The billowed rugs and other objects in Antonio Santin’s ghostly oil paintings are rendered with unsettling realism. The Madrid native works in “elaborate still-lifes,” as he alters his subjects to create new realities. The artist taps into the tradition of Spanish Tenebrism and a sculptural background to dream up and execute these works on canvas. When photographed from a distance, the work still turns heads, with the viewer attempting to understand what he or she is seeing. He was featured in Hi-Fructose Vol. 18 and was last featured on HiFructose.com here.
Patricia Traub’s oil paintings exist at the intersection of art and activism. These works attempt to humanize her animal subjects, in a way that showcases both their inherent beauty and rights to live in the world untortured. In her group portraits, in particular, she places animals and humans among each other in a way that emits harmony and equation of value.
Hollis Dunlap, a Vermont-born artist, crafts portraits that blend painted realism and sculptural concepts and abstractions. These oil paintings can appear as distorted photographs, yet hidden within these textured backgrounds and surprising hues are several hidden decisions and possibilities. Hollis started painting when he was 14, studying strictly realism before developing this current style.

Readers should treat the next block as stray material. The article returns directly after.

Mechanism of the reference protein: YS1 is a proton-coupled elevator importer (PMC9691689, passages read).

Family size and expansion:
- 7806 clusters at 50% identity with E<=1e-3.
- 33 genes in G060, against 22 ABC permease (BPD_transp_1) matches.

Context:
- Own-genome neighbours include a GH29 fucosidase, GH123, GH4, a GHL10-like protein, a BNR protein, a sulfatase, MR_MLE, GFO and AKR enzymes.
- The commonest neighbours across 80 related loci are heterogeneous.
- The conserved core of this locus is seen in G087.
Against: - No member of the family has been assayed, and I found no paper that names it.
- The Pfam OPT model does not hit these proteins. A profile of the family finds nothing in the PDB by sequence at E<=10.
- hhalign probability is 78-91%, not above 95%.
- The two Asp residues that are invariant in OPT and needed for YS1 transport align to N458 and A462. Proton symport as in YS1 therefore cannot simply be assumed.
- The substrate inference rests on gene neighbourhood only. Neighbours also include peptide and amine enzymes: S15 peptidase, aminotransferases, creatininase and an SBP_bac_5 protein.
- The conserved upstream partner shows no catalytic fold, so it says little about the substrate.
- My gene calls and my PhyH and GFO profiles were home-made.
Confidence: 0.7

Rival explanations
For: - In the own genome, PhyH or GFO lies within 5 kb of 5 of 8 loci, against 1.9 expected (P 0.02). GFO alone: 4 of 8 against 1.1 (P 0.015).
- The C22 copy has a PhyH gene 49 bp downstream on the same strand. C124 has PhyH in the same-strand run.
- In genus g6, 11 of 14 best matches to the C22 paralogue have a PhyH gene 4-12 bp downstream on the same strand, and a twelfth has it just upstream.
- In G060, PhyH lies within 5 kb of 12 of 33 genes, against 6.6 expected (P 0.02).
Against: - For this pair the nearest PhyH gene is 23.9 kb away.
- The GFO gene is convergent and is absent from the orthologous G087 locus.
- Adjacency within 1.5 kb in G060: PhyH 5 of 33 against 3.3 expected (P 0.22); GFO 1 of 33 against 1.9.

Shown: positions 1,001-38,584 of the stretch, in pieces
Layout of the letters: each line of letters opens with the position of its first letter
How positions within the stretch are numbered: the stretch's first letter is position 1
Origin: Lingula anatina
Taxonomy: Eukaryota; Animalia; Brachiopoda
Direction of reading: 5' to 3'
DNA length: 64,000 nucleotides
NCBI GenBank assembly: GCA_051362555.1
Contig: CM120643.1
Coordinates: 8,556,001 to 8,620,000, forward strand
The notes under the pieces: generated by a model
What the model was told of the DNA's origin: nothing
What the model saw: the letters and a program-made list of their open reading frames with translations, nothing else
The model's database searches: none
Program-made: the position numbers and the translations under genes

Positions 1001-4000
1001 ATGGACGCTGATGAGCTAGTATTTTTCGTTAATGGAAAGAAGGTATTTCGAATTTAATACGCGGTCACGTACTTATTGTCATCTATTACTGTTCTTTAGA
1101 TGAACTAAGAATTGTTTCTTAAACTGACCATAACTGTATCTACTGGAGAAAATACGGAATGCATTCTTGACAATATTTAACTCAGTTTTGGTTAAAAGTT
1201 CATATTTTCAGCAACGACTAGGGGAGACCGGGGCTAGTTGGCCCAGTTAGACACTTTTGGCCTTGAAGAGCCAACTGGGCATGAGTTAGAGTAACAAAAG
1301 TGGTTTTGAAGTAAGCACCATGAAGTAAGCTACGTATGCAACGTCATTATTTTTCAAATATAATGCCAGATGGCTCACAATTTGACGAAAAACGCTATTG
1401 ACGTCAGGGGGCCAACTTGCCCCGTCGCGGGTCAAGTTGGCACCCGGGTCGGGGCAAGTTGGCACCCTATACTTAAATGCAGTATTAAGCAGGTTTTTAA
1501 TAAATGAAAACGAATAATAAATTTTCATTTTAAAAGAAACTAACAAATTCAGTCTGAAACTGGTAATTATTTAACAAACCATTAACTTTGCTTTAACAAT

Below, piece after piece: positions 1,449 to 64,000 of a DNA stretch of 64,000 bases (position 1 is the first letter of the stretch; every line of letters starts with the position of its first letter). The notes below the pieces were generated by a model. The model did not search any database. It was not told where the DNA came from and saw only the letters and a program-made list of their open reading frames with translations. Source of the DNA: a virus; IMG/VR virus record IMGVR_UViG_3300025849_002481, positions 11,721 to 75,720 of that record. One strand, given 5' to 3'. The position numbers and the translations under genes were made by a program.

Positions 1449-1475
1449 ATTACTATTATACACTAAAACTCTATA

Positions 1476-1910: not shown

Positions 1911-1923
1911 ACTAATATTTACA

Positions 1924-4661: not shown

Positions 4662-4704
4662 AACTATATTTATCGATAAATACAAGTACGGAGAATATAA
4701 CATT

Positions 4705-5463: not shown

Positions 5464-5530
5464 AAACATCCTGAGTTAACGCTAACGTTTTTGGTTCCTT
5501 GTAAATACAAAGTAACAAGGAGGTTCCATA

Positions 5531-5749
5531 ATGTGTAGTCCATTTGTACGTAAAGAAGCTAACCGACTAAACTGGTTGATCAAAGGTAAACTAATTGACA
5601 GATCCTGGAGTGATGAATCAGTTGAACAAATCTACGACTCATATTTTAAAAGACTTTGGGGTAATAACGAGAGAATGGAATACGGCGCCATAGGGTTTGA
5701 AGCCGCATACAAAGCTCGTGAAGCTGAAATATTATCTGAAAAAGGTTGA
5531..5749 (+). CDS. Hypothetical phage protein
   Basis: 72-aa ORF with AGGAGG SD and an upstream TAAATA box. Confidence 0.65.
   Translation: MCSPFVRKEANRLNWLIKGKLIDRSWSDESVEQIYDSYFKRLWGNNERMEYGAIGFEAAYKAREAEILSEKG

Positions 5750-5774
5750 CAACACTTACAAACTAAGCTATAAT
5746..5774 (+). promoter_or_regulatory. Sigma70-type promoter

John Jacobsmeyer’s oil paintings on aluminum recall nostalgic and imaginative experience, using wooden backdrops and technology-inspired shapes. These works at once feel aged and modern, and while humor runs throughout his recent works, several ring of sincerity and vulnerability. And a few others have skeleton warriors. Jacobsmeyer has cited Gene Roddenberry, Nietzsche, David Lynch, and Mary Shelley as influences.
Stuart Snoddy, a painter based in the Midwest, creates “fantasies and fictions about imaginary people.” His oil works on paper and on canvas move between the wistful and the contemplative. And while Snoddy plays with form and hues, each of the artist’s pieces are distinctly human.
Next month, painter Alex Gross returns with his first show in a decade in Los Angeles, where he lives and works. For most, “Antisocial Network” may conjure images of handheld devices and laptop screens, yet this show takes a broader approach to the term. Smartphones, VR headsets, corporate branding, and internal preoccupation all offer a different take on what the artist intends with this new collection at Corey Helford Gallery. The show kicks off Feb. 25 and lasts through March 25. Gross was last featured on HiFructose.com here.